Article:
Norway’s salmon and trout farmers have reported that the number of escaped farmed fish found in rivers has fallen to a low level over the past year.
OURO, the organisation set up by the aquaculture industry and tasked with the responsibility of reducing the impact of such incidents by removing farmed fish from rivers, said targeted measures brought in over the past two years are working.
It said low escape rates and extraction of escaped fish from watercourses before spawning have helped to reduce the impact of escaped farmed salmon on wild salmon genetics.
OURO’s surveys show that the proportion of escaped farmed salmon was reduced to less than 4% in 19 of 22 rivers. The data will now be passed onto a national monitoring programme.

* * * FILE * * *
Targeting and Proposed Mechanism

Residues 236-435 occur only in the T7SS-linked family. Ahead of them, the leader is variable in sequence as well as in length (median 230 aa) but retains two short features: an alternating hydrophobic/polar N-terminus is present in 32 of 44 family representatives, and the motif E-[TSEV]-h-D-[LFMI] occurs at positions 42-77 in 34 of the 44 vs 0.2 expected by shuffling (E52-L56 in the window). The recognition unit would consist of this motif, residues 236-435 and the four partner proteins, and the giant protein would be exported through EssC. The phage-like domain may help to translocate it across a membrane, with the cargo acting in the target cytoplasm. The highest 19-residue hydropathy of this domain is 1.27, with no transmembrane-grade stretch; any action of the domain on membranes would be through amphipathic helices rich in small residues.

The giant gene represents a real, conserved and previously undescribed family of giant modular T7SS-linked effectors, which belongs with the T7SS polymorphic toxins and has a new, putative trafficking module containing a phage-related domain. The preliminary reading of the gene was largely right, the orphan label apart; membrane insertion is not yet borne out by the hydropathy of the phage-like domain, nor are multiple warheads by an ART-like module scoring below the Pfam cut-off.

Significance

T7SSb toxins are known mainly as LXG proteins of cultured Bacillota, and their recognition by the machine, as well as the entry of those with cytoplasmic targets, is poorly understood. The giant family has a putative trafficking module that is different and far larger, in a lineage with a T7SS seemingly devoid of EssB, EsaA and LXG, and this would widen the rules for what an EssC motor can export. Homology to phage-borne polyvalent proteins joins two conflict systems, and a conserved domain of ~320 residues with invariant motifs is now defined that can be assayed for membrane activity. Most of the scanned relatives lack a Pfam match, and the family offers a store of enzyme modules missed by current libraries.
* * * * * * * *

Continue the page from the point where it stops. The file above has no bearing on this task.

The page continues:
OURO chairman Ingrid Lundamo said the long term trend shows that the level of escapes is on the decline.
“This shows the measures the industry has implemented are having an effect and I am pleased with the improvements,” she added.
She said it was OURO’s mandate to remove escaped farmed fish from watercourses that carry wild salmon and last year it spent significant resources on this task.
Fish were removed using harpoons, nets and wedge nets. Local river owners’ associations have contributed with angling where this has been a suitable method.
Three years ago fish were escaping from salmon farms in exceptionally large numbers. The then fisheries minister Odd Emil Ingebrigtsen summoned companies and told them bluntly it was their responsibility to put their house in order – and the industry had to pay.
Preliminary figures for 2021 indicated that 61,000 salmon and 7,700 trout had escaped during that year, with just under 40,000 being attributable to a single incident. In 2019, in contrast, an estimated 300,000 fish escaped.